Early childhood infection of Kaposi's sarcoma-associated herpesvirus in Zambian households: A molecular analysis

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Abstract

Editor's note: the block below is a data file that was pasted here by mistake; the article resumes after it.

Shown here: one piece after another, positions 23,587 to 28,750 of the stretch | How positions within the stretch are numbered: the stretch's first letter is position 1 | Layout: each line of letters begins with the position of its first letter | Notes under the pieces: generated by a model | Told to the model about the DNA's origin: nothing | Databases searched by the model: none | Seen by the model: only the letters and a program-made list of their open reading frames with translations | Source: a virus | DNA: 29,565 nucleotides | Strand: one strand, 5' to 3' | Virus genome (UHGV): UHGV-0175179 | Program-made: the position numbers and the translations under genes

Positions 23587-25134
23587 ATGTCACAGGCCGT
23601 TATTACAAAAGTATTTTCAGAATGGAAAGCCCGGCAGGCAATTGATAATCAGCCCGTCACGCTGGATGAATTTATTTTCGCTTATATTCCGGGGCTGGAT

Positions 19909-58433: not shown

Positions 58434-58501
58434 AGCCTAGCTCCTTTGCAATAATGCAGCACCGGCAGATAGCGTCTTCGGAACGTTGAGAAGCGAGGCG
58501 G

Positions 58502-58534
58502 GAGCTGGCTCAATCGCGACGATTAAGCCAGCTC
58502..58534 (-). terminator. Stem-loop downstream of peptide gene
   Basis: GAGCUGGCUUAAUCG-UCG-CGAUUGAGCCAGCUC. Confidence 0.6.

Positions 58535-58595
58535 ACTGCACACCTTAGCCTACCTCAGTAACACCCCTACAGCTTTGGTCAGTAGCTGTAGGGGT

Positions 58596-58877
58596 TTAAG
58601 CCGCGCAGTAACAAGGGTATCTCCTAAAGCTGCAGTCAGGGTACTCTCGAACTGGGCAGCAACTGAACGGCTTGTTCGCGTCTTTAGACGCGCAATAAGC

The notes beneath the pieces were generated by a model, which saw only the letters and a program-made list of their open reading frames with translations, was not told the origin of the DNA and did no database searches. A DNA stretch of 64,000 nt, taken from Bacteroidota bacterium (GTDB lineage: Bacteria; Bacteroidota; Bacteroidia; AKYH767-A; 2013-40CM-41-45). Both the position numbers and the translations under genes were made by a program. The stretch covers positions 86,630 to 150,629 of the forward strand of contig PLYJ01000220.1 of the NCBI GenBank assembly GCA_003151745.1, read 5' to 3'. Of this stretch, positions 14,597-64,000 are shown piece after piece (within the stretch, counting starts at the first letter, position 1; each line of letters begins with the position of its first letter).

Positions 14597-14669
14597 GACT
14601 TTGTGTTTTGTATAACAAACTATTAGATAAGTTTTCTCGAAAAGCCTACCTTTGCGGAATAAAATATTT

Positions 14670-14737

Sub-Saharan Africa is endemic for Kaposi's sarcoma-associated herpesvirus (KSHV) and there is a high rate of early childhood infection; however, the transmission sources are not well characterized. We examined household members as potential KSHV transmission sources to young children in the KSHV-endemic country of Zambia. To this end, we enrolled and followed Zambian households with at least one KSHV-seropositive child and collected longitudinal buccal swab samples. KSHV burden was evaluated and K1 sequences from the children were determined and analyzed for differences to K1 sequences from household members. The K1 sequences were also analyzed for evolution over time. We generated K1 sequences from 31 individuals across 16 households. Nine households contained multiple KSHV-positive members, including at least one child. In six out of the nine households, the child had 100% sequence identity to all household members. However, in two households the child and mother had distinct K1 sequences. In the remaining household, the children were the only KSHV-infected individuals. Furthermore, we report that 1 out of 18 individuals had K1 sequence variation within the timespan analyzed. In our study, we provide evidence that (i) early childhood KSHV transmission occurs from both within and outside the household, (ii) intrahousehold transmission can occur via nonmaternal sources, (iii) viral shedding in the buccal cavity is highly variable and (iv) the dominant K1 sequence within an individual did not rapidly evolve over time. These results are important for developing KSHV intervention strategies.

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